Photo: Devin Dillon
In the first three months of 2022, Devin Dillon underwent her first colonoscopy at UCLA Health, found out she had colon cancer and learned after surgery that she was cured.
Dillon, 48, credits her early diagnosis and excellent outcome to the expanded eligibility for colon cancer screening adopted last year. Guidelines in the U.S. now recommend an initial colonoscopy at age 45 instead of 50.
“I’m sort of the reason they now have the screening earlier,” she said. “It’s because younger people between 45 and 50 are developing colon cancer and may not have any symptoms or risk factors.”
That was the case for Dillon, superintendent of PreK-12 Operations for UCLA.
“I don’t have any family history of it,” she said. “I don’t have any of the pre-indicators. I’m not overweight. I work out every day. I try to eat really healthy. I’m not a smoker. I don’t drink. I do CrossFit.”
Eligible for screening
When Dillon had her annual physical in October 2021, her UCLA Health primary care physician explained that she was now eligible for colon cancer screening.
“I hadn’t really thought about it,” she said. “I’ve always kept up with mammograms and that sort of thing. It wasn’t in my awareness.”
Last May, the U.S. Preventive Services Task Force issued a new recommendation that colon cancer screening for people at average risk should start at age 45.
Colon cancer is the third leading cause of cancer death in men and women. A family history of colon cancer as well as obesity, diabetes, smoking and heavy alcohol use are risk factors. Rates of colon cancer are higher among the Black and Native American populations.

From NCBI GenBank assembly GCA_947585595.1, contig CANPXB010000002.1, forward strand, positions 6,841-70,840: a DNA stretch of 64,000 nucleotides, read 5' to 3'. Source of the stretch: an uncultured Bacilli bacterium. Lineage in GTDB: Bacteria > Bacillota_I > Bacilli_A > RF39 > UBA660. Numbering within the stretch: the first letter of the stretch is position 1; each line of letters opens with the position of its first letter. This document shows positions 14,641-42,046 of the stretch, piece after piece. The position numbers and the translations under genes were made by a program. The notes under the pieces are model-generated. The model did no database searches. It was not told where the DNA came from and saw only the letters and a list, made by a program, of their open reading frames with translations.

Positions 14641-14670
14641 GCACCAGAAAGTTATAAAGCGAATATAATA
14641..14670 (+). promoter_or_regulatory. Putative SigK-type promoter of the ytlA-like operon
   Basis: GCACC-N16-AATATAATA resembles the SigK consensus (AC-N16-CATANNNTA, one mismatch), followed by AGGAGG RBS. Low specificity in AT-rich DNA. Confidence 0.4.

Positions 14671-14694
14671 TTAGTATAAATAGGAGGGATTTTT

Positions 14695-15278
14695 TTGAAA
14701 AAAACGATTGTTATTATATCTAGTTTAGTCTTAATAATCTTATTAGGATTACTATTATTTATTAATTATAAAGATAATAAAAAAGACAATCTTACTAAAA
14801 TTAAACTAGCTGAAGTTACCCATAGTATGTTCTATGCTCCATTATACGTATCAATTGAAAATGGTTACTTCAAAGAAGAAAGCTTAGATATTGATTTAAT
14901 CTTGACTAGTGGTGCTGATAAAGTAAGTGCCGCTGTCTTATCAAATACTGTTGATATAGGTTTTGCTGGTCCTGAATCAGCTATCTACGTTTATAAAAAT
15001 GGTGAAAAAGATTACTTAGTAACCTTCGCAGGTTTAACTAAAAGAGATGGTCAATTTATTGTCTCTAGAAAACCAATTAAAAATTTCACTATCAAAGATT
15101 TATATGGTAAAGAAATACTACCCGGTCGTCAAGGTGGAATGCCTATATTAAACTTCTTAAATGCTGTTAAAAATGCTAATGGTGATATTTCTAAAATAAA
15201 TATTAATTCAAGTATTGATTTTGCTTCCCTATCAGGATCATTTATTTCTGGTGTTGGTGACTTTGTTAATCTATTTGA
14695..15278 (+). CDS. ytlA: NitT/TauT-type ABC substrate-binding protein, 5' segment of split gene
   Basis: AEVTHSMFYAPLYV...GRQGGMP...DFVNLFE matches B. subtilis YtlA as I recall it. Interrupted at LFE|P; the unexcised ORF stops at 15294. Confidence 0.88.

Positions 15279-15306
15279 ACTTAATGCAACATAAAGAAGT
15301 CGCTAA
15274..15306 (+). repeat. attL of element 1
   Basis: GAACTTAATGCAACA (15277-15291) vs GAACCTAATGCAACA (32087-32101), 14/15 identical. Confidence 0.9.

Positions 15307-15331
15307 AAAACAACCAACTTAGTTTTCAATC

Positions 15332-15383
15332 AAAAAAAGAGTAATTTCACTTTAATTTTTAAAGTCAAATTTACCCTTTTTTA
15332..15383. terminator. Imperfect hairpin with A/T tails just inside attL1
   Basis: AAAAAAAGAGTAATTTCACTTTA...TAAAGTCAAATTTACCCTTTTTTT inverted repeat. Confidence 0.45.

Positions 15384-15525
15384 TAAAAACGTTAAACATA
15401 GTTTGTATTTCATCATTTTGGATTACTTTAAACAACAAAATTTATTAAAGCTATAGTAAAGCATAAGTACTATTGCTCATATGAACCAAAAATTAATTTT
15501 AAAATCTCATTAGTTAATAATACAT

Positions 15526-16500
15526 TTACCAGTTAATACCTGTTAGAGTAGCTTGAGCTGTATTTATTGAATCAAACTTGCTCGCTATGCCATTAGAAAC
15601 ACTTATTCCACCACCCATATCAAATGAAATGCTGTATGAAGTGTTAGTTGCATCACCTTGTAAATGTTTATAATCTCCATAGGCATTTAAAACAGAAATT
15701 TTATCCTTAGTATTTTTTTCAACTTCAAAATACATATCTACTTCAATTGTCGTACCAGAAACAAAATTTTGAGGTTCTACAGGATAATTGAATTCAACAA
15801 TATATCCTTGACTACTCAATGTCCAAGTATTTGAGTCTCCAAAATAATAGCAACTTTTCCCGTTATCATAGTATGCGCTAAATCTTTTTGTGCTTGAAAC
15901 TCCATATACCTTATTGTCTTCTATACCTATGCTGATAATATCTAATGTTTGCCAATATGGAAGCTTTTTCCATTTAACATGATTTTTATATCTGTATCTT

Dillon’s doctor told her she could opt for an annual stool sample test to look for blood or undergo a colonoscopy for the first time. If the stool sample finds blood, patients need to follow up with a colonoscopy.
“I just thought that I would do the colonoscopy because it sounded like if you went in and had a negative result, it would be good for 10 years and that sounded better to me than having to do something every year,” Dillon said.
Dillon scheduled a colonoscopy for early January with Adrienne Lenhart, MD, a UCLA Health gastroenterologist based in Torrance.
Dr. Lenhart said the aim of the revised guidelines was to catch more cancers at an earlier stage and to help prevent early onset colon cancer.
“Our primary goal with screening colonoscopies is to prevent the development of colon cancers as well as deaths from colon cancer,” Dr. Lenhart said. “If we detect colon polyps, which are benign, precancerous growths in the colon, we can remove them during the colonoscopy and prevent colon cancer from developing. Screening colonoscopies can also help identify colon cancers at the earlier stage where treatment is more favorable and potentially curable.”
During Dillon’s procedure, Dr. Lenhart removed 10 small polyps, which all turned out to be benign. She also found a larger growth, which needed to be removed two weeks later by a different specialist, in a procedure called endoscopic submucosal dissection (ESD).